- Investigations into all other market situations, including smaller public contracts and acquisitions that fall below the aforementioned thresholds.
The first two investigations will be launched when the Commission receives a notification from the acquirer or the bidder. Until the executive completes its review, the business deal can’t go ahead. The third tool will be used by the Commission on its own initiative when it suspects a foreign subsidy may be involved in the transaction.
If the investigation indicates that the foreign subsidy has the potential to distort competition, the Commission will have a diverse range of corrective measures at its disposal, such as the repayment of the foreign subsidy, the divestment of selected assets or the reduction of market presence.
The Commission will also be entitled to prohibit an acquisition or the public contract that a subsided company is attempting to secure.
Companies that fail to notify Brussels about the involvement of a foreign subsidy could be slapped with fines of up to 10% of their annual turnover.
As it is the case for state aid of EU governments, the enforcement of the new rules will lie exclusively with the Commission to ensure its uniform application.
From ‘traditional’ to new foreign investors
The draft law will now have to be discussed by the national ministers in the Council and by Members of the European Parliament before it becomes enforceable.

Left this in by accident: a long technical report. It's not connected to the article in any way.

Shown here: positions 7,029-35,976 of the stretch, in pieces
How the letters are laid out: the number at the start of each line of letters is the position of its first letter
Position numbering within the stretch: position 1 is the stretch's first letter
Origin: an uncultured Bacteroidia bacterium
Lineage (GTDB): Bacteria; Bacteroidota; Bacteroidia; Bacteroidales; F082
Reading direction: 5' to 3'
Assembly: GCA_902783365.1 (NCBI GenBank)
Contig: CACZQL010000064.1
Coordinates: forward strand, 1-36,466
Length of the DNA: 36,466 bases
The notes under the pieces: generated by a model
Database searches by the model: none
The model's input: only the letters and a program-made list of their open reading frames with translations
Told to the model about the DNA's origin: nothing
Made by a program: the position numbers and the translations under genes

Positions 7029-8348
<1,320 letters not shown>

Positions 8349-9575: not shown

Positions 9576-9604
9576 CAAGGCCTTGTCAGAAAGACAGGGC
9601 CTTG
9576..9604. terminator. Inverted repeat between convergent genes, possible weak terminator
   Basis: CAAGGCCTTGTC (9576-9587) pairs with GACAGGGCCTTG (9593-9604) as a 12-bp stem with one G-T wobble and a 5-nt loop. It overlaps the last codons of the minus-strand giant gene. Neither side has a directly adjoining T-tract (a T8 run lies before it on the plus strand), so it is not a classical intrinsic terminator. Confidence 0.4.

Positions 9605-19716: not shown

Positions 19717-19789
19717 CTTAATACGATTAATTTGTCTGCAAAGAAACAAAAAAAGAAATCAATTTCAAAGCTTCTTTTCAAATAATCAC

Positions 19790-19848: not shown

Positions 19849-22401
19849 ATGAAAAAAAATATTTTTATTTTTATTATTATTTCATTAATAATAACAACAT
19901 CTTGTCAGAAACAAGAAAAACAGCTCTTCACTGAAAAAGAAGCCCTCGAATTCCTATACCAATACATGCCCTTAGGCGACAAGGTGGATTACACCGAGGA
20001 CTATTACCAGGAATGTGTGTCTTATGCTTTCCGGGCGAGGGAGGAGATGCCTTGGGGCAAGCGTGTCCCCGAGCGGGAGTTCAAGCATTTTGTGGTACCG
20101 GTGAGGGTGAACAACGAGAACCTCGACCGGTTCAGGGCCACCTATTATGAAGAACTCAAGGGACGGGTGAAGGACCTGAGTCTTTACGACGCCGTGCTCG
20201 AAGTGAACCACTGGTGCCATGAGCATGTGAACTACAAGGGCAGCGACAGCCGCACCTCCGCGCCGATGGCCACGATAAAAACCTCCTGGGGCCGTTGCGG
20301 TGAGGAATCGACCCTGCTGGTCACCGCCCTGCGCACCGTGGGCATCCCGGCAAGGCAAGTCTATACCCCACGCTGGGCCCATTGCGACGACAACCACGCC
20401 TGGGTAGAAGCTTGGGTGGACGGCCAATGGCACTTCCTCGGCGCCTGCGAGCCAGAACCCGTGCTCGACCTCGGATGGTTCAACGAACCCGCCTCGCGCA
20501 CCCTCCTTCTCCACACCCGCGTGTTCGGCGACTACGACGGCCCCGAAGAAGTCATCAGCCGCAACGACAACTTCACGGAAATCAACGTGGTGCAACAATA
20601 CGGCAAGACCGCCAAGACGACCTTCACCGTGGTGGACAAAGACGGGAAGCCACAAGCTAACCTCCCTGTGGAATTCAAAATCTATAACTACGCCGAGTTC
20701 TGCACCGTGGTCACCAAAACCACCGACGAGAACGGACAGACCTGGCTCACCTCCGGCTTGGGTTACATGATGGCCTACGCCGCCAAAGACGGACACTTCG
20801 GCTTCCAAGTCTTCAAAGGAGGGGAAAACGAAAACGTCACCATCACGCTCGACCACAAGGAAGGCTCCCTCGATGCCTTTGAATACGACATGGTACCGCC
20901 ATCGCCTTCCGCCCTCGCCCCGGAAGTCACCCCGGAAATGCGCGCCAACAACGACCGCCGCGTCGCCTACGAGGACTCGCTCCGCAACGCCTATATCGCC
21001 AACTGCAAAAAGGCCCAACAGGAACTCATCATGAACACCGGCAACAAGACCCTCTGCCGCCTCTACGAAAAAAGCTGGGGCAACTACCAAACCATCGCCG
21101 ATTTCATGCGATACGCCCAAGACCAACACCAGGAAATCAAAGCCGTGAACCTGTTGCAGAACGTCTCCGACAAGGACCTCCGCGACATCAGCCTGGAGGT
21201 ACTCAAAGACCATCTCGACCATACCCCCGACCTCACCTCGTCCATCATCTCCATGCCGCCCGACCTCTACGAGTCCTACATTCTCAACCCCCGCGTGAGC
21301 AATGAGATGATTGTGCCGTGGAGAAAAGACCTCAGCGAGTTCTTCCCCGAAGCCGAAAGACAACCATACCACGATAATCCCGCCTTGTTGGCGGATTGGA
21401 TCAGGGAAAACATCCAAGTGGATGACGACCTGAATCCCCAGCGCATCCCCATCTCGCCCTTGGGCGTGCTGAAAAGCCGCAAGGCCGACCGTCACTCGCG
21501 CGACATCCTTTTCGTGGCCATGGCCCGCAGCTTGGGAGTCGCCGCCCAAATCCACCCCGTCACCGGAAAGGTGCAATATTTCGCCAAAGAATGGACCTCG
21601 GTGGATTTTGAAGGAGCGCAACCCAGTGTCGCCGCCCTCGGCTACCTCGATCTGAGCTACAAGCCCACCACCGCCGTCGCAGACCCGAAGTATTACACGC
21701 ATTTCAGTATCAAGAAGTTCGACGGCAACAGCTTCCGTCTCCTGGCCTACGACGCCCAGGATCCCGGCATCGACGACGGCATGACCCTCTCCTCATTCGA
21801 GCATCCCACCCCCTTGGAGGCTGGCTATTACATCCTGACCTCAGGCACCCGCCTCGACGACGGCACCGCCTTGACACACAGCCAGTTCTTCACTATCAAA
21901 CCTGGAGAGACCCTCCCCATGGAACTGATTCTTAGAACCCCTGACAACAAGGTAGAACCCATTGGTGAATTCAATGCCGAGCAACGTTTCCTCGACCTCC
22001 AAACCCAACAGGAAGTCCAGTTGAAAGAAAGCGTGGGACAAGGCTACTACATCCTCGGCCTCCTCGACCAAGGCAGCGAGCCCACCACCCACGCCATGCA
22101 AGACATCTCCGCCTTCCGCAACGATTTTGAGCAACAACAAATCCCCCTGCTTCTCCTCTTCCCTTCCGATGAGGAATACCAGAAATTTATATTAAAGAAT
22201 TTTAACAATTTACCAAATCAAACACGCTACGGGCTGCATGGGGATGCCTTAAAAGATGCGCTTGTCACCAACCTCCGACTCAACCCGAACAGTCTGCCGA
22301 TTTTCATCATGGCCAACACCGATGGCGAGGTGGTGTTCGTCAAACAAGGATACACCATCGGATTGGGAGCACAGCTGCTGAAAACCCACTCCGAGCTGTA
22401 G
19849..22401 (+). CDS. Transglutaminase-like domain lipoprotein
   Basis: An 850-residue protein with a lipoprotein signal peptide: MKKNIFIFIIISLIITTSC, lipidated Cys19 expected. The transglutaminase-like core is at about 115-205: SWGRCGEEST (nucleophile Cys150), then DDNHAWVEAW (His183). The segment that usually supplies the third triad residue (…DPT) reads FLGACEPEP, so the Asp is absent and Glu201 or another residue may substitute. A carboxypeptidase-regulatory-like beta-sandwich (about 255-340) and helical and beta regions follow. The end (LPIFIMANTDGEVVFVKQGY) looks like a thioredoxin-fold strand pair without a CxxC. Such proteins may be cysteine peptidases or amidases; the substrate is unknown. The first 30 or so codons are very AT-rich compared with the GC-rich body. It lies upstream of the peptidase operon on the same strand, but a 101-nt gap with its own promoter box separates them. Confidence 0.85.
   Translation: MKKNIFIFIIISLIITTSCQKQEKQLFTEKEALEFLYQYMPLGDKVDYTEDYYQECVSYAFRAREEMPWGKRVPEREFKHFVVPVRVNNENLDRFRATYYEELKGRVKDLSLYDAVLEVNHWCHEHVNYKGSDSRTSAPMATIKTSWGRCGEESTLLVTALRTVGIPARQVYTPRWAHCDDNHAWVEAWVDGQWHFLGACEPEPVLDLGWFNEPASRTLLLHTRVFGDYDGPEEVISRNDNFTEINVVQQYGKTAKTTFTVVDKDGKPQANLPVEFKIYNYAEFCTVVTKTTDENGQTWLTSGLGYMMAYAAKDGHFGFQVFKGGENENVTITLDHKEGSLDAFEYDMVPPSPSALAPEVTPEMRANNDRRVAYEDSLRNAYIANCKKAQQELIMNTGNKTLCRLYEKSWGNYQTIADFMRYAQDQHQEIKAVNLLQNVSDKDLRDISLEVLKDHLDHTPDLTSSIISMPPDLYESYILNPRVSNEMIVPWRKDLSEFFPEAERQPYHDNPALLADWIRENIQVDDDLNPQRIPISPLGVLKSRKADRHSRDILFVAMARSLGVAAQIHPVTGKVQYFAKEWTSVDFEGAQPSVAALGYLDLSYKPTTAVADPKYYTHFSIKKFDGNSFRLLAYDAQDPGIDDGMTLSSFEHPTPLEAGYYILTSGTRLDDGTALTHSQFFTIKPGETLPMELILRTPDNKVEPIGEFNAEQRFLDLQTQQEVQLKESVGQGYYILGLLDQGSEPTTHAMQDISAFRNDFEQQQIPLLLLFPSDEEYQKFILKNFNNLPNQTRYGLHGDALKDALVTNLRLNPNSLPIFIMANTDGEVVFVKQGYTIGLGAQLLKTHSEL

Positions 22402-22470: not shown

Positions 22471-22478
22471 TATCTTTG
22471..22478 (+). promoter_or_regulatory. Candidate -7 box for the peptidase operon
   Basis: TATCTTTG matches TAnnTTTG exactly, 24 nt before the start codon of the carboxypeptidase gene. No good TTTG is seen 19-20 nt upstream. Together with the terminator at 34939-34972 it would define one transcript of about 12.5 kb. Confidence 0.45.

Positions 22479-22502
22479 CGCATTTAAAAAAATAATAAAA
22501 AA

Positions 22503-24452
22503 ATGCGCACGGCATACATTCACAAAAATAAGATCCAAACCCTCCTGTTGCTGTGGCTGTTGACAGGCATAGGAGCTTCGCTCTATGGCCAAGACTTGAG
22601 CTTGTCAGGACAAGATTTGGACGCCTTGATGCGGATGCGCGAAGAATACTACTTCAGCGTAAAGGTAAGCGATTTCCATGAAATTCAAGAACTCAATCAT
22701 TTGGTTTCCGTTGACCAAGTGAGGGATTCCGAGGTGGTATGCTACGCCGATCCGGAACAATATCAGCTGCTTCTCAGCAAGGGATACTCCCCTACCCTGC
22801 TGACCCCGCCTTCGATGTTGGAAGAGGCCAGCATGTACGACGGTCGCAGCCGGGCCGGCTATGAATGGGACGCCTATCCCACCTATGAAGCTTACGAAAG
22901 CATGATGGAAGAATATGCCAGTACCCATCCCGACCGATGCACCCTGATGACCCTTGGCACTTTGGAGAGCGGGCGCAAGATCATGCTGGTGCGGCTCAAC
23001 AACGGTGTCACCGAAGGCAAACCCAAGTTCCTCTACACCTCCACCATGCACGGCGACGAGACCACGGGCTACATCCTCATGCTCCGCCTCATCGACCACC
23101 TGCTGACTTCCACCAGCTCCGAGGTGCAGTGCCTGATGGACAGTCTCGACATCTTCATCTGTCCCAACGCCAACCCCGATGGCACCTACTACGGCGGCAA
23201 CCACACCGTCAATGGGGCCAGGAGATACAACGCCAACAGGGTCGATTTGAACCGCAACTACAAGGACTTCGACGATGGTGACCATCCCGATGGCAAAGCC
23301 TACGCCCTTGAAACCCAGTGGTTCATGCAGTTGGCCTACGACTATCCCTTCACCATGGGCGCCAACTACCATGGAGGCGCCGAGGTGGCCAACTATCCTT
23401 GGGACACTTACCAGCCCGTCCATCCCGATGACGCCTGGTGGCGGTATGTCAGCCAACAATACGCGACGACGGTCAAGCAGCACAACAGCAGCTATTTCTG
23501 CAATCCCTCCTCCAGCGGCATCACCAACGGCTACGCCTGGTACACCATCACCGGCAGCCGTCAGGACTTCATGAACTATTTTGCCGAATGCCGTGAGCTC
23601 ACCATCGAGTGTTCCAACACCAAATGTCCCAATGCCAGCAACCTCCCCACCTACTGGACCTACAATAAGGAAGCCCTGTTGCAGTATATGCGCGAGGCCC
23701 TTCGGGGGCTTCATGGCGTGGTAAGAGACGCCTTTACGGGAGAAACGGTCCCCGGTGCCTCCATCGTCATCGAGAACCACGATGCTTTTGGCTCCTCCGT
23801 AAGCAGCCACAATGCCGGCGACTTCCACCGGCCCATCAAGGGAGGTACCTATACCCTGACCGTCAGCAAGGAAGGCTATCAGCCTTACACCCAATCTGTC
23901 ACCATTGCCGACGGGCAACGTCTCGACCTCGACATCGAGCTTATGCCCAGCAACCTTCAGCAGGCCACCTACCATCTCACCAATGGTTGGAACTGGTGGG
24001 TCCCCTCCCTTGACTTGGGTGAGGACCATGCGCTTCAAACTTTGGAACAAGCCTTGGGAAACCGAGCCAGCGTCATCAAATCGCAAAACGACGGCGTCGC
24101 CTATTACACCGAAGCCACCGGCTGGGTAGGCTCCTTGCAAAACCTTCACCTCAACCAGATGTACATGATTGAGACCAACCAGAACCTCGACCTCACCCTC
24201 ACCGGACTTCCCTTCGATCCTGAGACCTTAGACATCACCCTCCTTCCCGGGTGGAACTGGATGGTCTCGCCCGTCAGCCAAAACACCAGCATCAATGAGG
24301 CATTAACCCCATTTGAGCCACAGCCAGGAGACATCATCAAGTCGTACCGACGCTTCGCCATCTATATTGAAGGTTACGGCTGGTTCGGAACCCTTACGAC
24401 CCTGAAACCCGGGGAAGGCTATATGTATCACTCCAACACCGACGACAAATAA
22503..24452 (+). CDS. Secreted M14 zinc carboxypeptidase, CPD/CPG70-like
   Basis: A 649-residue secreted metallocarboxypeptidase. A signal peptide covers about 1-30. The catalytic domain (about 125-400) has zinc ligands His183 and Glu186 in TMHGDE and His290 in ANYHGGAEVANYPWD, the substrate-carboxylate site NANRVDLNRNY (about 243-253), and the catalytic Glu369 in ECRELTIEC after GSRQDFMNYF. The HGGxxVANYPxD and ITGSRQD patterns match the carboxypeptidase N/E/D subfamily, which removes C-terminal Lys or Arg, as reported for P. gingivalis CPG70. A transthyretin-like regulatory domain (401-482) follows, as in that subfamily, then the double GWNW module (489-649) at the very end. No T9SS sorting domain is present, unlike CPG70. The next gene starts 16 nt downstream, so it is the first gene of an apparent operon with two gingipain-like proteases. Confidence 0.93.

The regulation follows a call from EU leaders in March 2019, when they asked the Commission to identify “new tools to address the distortive effects of foreign subsidies on the single market”. This led to the publication of a white paper last year, which laid the groundwork for the new law.
The Commission is determined to maintain the bloc’s reputation of open space for business but, as non-Western countries grow and increase their purchasing power, it is wary that more and more EU firms will end up falling in the hands of non-EU owners.
Foreign ownership of EU companies has continued to rise over the last 10 years. Between 1,500 to 2,000 foreign investors come to the bloc every year.
Using competition law as a means to curb the trend gives Brussels a chance to remain open while promoting fair and predictable rules for all economic actors, regardless of their origin.
So-called “traditional” investors, such as the United States, Switzerland, Norway, Canada, Australia and Japan, still dominate the acquisition market in the European Union, although in recent years, new investors like China and India have deepened their reach.
China, Hong Kong and Macao own around 10% of all the EU companies controlled by non-EU actors. The United States and Canada take up 30% of them.
“While state-owned companies represent only a small proportion of foreign acquisitions, their share in the number of acquisitions and their assets have grown rapidly over the latest years. Russia, China and the United Arab Emirates stand out in this respect,” the Commission said in a 2019 paper.
Foreign ownership can be found in virtually all sectors of the bloc’s economy, but it is particularly pronounced in areas like oil refining, pharmaceuticals, electronic and optical products, insurance and electrical equipment.